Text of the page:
Beefy Boxes and Bandwidth Generously Provided by pair Networks
go ahead... be a heretic

Comment on

( #3333=superdoc: print w/ replies, xml ) Need Help??
What's the real difference between using callbacks and writing a while (<STDIN>) loop?

I suspect the question was rhetorical but I'll bite anyway :-) Put simply, it's the difference between push and pull. If you're used to reading a file line-by-line, you're used to thinking in 'pull' mode - you tell the parser "give me the next thing". Using SAX or the XML::Parser handler style requires you to think in 'push' mode - the parser tells you when it has something interesting. (In Soviet Russia the XMLs parser call you)

I think Matt and the team have done a great job with XML::SAX. Sub-classing XML::SAX::Base allows you to very easily write code which concentrates on the bits you're interested in. However, to use this stuff you have to think in a different way. Rather than saying "give me this and I'll deal with it", you have to say something more like "I'm interested in 'x', when you find an 'x', give it to this routine which knows how to deal with it".

People are saying good things about using HTML::TokeParser to achieve a pull-style interface to XML. I haven't tried it myself yet - my needs are simple :-)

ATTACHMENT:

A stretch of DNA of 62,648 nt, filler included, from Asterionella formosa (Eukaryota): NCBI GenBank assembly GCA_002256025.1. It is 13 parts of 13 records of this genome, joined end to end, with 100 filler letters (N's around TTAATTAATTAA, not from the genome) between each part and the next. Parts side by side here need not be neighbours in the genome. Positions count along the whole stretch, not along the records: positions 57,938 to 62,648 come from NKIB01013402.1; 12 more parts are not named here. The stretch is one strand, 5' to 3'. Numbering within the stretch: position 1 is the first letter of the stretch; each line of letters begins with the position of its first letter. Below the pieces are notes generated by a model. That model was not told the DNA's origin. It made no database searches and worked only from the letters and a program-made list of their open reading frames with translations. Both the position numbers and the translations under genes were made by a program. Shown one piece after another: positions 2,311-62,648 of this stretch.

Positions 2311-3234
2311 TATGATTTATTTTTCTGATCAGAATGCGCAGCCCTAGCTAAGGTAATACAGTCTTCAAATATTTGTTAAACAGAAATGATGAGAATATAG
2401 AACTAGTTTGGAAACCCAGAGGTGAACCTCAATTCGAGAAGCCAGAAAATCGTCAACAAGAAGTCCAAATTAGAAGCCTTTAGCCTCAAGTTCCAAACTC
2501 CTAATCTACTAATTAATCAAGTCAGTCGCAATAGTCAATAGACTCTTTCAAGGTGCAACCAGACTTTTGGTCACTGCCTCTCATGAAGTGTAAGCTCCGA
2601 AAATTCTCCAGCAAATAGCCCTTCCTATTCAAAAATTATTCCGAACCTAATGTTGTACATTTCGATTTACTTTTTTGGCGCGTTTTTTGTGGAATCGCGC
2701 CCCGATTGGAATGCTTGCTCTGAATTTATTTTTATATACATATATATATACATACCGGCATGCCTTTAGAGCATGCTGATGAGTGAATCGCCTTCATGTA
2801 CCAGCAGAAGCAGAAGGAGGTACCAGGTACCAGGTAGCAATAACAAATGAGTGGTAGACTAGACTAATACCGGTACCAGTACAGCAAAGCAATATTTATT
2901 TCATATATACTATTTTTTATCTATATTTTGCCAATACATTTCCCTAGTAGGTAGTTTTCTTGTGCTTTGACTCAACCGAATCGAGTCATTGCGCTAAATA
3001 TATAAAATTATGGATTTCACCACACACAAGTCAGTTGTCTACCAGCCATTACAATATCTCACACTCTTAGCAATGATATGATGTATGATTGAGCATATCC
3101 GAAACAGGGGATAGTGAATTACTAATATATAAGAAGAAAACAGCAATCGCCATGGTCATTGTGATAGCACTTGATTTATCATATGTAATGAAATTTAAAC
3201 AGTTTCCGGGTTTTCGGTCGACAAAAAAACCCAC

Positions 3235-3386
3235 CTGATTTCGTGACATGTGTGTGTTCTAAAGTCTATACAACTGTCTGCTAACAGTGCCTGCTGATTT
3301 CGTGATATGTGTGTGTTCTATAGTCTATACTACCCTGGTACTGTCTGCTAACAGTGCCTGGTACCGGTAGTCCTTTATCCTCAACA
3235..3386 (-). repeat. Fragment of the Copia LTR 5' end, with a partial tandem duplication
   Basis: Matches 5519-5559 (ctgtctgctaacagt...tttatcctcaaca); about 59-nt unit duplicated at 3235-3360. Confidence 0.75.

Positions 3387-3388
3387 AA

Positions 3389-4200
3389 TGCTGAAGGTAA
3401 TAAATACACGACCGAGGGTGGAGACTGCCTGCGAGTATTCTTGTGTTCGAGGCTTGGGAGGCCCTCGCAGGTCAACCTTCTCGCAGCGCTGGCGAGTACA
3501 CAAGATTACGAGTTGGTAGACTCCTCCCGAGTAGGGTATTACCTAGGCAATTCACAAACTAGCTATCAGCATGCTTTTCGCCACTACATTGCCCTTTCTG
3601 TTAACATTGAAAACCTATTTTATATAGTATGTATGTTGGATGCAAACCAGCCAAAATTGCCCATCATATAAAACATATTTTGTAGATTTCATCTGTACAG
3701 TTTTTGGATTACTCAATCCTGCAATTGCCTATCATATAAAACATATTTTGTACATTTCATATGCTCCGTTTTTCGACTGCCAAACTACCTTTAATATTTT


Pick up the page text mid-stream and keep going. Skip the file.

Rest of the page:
In reply to Re: Re: is XML too hard? by grantm
in thread is XML too hard? by thraxil

Use:  <p> text here (a paragraph) </p>
and:  <code> code here </code>
to format your post; it's "PerlMonks-approved HTML":

  • Posts are HTML formatted. Put <p> </p> tags around your paragraphs. Put <code> </code> tags around your code and data!
  • Read Where should I post X? if you're not absolutely sure you're posting in the right place.
  • Please read these before you post! —
  • Posts may use any of the Perl Monks Approved HTML tags:
    a, abbr, b, big, blockquote, br, caption, center, col, colgroup, dd, del, div, dl, dt, em, font, h1, h2, h3, h4, h5, h6, hr, i, ins, li, ol, p, pre, readmore, small, span, spoiler, strike, strong, sub, sup, table, tbody, td, tfoot, th, thead, tr, tt, u, ul, wbr
  • You may need to use entities for some characters, as follows. (Exception: Within code tags, you can put the characters literally.)
            For:     Use:
    & &amp;
    < &lt;
    > &gt;
    [ &#91;
    ] &#93;
  • Link using PerlMonks shortcuts! What shortcuts can I use for linking?
  • See Writeup Formatting Tips and other pages linked from there for more info.
  • Log In?

    What's my password?
    Create A New User
    and the web crawler heard nothing...

    How do I use this? | Other CB clients
    Other Users?
    Others making s'mores by the fire in the courtyard of the Monastery: (4)
    As of 2015-10-10 09:13 GMT
    Find Nodes?
      Voting Booth?

      Does Humor Belong in Programming?

      Results (255 votes), past polls